US legislation directs the Treasury Secretary to “analyze on an annual basis the exchange rate policies of foreign countries…and consider whether countries manipulate the exchange rate between their currency and the United States dollar for purposes of preventing effective balance of payments adjustments or gaining unfair competitive advantage in international trade.”
It’s OK for the US to maintain a competitive advantage over other nations by currency manipulation and other practices, not the other way around.
When the dollar’s valuation rises, currencies of other nations decline, China’s in this case so calling the nation a currency manipulator is false. It’s letting the currency fall naturally by not manipulating it higher.
In response to global geopolitical and economic events, including Trump’s trade war with China and US equities at bubble levels, a flight to safety resulted in large-scale buying of US Treasuries.
It sent the 10-year US Treasury’s yield down to 1.75% on August 5 from a multi-year high of 3.14% months earlier. When yields fall, valuations rise.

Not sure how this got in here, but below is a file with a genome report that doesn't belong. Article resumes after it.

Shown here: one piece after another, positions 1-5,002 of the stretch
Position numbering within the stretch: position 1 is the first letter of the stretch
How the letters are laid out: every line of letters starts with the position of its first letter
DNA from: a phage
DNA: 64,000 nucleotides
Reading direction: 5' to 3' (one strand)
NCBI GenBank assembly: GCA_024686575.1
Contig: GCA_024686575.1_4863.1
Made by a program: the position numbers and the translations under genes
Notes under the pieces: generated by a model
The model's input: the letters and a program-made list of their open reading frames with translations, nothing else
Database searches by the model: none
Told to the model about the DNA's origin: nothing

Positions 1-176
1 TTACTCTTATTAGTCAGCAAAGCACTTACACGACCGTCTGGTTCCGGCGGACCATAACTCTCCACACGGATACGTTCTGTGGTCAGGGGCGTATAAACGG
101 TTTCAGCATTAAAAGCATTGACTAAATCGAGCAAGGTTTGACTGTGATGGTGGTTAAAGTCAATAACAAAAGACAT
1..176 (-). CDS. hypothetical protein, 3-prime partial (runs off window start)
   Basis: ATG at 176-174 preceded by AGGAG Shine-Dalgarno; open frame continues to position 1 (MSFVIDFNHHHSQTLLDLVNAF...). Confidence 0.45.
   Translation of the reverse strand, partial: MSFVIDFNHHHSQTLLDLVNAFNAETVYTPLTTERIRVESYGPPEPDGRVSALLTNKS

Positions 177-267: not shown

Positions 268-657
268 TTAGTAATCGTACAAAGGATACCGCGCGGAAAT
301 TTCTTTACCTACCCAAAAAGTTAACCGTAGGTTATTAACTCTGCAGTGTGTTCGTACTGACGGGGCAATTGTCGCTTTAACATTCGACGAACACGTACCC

The yield curve also inverted (the six-month Treasury at 1.99% on August 5), often signaling recession ahead. Rising gold prices to a six-year high also reflect a flight to safety.
Last week, the Fed began what appears to be a rate-cutting cycle, reversing the short-term hiking one, perhaps heading short rates back to zero or below as in Europe, benefitting investors at the expense of savers and individuals on fixed incomes, the vast majority of Americans.
The Trump regime’s geopolitical, economic and financial agenda is responsible for growing chaotic conditions, including in the financial markets.
The tougher Trump gets with China, the more firm its ruling authorities are likely to be in response to defend the nation’s interests.
Trump’s hostile/counterproductive agenda may push world economies into recession, perhaps a stiff protracted one.
Monetary policy won’t save him. It can prop up the stock market with easy money, not turn around economic weakness.
The massive US national debt exceeding GDP, heading higher, precludes fiscal stimulus to stimulate growth
Things may get ugly ahead — perhaps later this year or in early 2020.
My newest book as editor and contributor is titled “Flashpoint in Ukraine: How the US Drive for Hegemony Risks WW III.”